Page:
The battered 308th played a minor role in the Battle of the Day River in May/June 1951, making diversionary attacks on Ninh Bình and Phủ Lý.[4]

On 17 October 1952 two regiments of the 308th attacked Nghĩa Lộ overrunning the post in one hour.[5]:322 This attack triggered the French Operation Lorraine launched on 29 October, the largest operation attempted to date by the French Union forces.[6]:78 Giáp planned to wait until the French supply lines were overextended at which point they could be harassed and eventually forced to withdraw. Giáp detached Regiment 36 of the 308th and Regiment 176 of the 316th to defend the important supply bases at Yên Bái and Thái Nguyên.[7] The only major fighting during the operation came during the withdrawal, when the Regiment 36 ambushed Groupe Mobiles 1 and 4 on Route 2 in a narrow valley near Chan Muong on morning of November 17. The Viet Minh managed to blow up one of the leading tanks, completely blocking the road and then, covered by heavy weapons fire from the surrounding hills, proceeded to methodically destroy the convoy. French air support eased the pressure on the forces caught in the valley and then in the afternoon the 2nd Battalion, 2nd Foreign Infantry Regiment and the Battalion de Marche Indochinois (BMI) inside the valley and the lead elements of Groupe Mobile 1 outside the ambush area counterattacked against the Việt Minh, culminating with a bayonet charge by the BMI. At this point the Việt Minh disengaged and the withdrawal could continue with the column arriving at Ngoc Tap at 22:30. The French had lost 56 dead, 125 wounded and 133 missing and 12 vehicles including 1 tank and 6 half-tracks destroyed.[8]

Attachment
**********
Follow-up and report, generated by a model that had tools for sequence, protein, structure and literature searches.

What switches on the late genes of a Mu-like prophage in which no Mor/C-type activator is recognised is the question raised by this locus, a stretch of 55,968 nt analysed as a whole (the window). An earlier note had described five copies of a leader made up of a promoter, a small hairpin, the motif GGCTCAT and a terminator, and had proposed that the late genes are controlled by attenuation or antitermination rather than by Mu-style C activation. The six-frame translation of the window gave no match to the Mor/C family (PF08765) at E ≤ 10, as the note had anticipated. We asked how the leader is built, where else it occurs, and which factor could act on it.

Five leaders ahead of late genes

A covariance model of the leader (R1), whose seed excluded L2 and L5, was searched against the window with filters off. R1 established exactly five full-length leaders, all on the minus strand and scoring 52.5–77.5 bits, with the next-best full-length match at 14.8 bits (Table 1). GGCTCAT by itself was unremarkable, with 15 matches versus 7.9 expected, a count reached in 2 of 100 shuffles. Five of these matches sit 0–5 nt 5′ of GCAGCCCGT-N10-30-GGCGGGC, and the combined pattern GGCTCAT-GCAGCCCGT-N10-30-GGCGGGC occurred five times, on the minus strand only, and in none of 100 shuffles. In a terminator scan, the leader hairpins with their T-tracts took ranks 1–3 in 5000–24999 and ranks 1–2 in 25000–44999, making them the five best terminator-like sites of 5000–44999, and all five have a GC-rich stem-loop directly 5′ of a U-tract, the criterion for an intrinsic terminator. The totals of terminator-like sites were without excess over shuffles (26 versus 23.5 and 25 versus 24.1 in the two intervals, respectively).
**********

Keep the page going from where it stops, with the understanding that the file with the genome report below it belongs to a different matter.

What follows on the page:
By early 1953 three Việt Minh Divisions were operating in T'ai Highlands and threatening the approaches to Laos. On 23 April 1953 the 308th and 316th had surrounded a French air-land base on the Plain of Jars blocking the approach to Vientiane.[9]

By the end of December 1953, the 308th had arrived in the hills to the north of Điện Biên Phủ[10] and Regiment 88 was soon at work helping improve Route Provinciale 41 which would form the main Việt Minh supply line to Điện Biên Phủ.[11]